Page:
A Common Treasury, by Gerrard Winstanley, with a foreword by Tony Benn
Published by Verso in 2011, 159 pages. (N3257P1)
Brand New Book
Brand New Book
From the rear side cover: At the end of the English Civil War, Gerrard Winstanley and his comrades, known as Diggers, went to St. Georges Hill, to farm the common land and to distribute the food for free amongst themselves. Winstanleys extraordinary writings from this period have remained a huge influence for many on the Left and are cited as some of the earliest examples of communist thought.
Legendary voice of the Left Tony Benn examines Winstanleys work and argues that, as we face an ever greater enclosure of the commons, he can still inspire us to turn our world upside down.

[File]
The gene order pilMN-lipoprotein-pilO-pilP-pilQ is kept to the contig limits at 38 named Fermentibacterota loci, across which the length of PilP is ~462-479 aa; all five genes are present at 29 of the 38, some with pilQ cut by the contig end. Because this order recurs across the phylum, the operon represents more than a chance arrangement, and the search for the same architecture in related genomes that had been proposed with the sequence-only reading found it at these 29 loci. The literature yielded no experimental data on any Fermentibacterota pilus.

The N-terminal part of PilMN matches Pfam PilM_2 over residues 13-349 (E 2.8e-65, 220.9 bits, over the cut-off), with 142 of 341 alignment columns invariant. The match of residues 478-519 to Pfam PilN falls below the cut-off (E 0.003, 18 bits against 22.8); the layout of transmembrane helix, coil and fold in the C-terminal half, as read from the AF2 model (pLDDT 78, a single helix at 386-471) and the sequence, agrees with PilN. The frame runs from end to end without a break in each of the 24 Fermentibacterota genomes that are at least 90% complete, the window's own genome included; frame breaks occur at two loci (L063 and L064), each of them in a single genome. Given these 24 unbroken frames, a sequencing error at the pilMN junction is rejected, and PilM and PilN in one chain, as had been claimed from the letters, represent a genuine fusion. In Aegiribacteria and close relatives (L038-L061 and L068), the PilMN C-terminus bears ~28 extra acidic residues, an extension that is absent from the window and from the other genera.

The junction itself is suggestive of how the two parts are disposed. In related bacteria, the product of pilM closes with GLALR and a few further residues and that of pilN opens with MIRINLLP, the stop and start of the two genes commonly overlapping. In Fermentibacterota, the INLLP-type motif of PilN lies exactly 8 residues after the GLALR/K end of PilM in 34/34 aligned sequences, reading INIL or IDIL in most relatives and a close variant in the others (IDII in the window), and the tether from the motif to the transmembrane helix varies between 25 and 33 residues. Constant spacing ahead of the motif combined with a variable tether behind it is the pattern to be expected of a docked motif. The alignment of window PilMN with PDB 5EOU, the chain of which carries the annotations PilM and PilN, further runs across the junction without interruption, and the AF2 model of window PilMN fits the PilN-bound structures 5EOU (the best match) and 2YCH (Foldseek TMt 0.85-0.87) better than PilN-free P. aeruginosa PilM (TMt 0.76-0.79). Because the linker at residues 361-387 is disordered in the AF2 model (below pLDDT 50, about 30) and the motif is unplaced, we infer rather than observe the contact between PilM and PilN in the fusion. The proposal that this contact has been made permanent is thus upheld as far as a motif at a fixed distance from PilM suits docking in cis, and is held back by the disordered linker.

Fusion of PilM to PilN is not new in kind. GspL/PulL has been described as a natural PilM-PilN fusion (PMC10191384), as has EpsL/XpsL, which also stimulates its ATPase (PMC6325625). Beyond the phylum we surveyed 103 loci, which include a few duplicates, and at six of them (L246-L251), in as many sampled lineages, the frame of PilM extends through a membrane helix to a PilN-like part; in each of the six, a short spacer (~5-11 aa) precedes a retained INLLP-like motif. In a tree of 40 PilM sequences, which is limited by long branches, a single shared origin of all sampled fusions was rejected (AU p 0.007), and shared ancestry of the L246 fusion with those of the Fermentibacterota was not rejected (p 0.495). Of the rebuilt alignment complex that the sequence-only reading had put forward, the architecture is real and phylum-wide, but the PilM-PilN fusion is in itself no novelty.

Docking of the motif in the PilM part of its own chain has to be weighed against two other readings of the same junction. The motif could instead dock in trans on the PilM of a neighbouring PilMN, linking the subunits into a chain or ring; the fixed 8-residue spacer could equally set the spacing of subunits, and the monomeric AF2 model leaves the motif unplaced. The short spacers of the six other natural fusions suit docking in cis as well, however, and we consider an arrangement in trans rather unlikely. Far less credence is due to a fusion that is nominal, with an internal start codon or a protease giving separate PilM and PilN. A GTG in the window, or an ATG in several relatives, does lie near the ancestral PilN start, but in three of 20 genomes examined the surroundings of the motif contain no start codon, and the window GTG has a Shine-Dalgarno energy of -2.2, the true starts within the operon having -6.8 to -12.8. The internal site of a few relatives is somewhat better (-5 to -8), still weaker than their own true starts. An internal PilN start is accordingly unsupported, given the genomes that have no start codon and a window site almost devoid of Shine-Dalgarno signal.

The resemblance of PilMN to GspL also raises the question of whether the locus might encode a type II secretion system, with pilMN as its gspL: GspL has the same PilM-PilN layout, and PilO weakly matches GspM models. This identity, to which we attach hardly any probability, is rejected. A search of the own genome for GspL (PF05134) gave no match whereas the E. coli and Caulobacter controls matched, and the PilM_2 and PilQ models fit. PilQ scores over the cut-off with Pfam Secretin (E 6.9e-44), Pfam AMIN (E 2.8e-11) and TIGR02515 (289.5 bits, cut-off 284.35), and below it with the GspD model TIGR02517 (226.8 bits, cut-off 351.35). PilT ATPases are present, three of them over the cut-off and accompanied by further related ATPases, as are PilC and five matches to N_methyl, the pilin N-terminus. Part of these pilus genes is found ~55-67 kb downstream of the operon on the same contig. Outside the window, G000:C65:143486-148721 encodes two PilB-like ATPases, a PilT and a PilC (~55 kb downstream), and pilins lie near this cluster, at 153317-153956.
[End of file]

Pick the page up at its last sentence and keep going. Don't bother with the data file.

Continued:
The Diggers were an English group of agrarian communists, begun by Gerrard Winstanley as True Levellers in 1649, who became known as Diggers due to their activities. Their original name came from their belief in economic equality based upon a specific passage in the Book of Acts. The Diggers tried to reform (by levelling real property) the existing social order with an agrarian lifestyle based on their ideas for the creation of small egalitarian rural communities. Digger communes sprang up in several places throughout England, including Surrey, at Iver in Buckinghamshire, and at Wellingborough in Northamptonshire, but they were met with fierce and often brutal repression by landowners and the state, and by 1651 the movement had collapsed